Birmingham Museum of Art to Open Renovated African Galleries, 4/26
BIRMINGHAM, AL - After two years of renovations, the Birmingham Museum of Art reopens its African galleries on Saturday, April 26.
"Over the past several decades, the Birmingham Museum of Art has built an exceptional collection of African art, one that beautifully reflects the ethnic, cultural, and religious diversity of the many regions in Africa," say Gail Andrew, R. Hugh Daniel Director of the Birmingham Museum of Art. "The new geographic orientation of the gallery created by Dr. Hanna underscores the vast and distinctive art forms that have existed in Africa for thousands of years and those which are being developed today. The gallery offers visitors the opportunity to explore the collection in an entirely new way."
The renovated gallery space features many changes in the presentation of the collection. The collection is now organized geographically, grouping works from the same regions. Large maps, located throughout the gallery, will assist visitors in easily locating the origin of a particular work. The space will also be equipped with a large flat screen, designed to enhance the gallery experience by featuring supplemental media such as documentary footage of art in production and contemporary art composed digitally. In addition, the Museum has collaborated with Jefferson County teachers to develop an interactive African Proverbs project, which will reveal to visitors the relationship between proverbs and art in Africa.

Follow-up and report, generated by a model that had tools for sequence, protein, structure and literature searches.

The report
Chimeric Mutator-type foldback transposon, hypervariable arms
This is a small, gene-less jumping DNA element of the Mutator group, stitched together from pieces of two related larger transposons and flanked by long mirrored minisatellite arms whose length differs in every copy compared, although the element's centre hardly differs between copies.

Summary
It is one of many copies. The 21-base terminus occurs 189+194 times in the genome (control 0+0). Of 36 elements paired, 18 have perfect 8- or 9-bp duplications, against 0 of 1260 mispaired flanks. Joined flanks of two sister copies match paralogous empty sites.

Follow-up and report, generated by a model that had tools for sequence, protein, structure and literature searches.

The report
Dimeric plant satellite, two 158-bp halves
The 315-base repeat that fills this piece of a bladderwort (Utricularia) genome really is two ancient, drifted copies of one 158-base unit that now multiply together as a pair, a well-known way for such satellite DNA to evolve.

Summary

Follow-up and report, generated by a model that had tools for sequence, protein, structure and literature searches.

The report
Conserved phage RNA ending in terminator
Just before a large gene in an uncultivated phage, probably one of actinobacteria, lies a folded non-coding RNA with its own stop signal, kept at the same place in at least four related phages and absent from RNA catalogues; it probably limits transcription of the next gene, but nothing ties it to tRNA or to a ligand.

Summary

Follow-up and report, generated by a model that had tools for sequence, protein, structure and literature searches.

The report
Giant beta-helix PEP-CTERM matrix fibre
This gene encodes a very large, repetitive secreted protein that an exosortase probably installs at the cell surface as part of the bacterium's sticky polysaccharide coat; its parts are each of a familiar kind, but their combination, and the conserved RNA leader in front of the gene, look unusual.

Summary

"Africa is a continent of enormous diversity, home to over fifty countries, and hundreds of ethnic groups, cultures, languages, religions, and traditions. Our gallery is now organized in a way that celebrates this wide-ranging, but interconnected expanse of African art across the continent," says Emily Hanna, Curator of the Arts of Africa and the Americas. "In the gallery, I've created a very vibrant, engaging space that includes more of our collection, including textiles, clothing, jewelry, and large color photographs that show objects being used or worn. Visitors will appreciate the new design features as they trace their way through history and the magnificent art of Africa."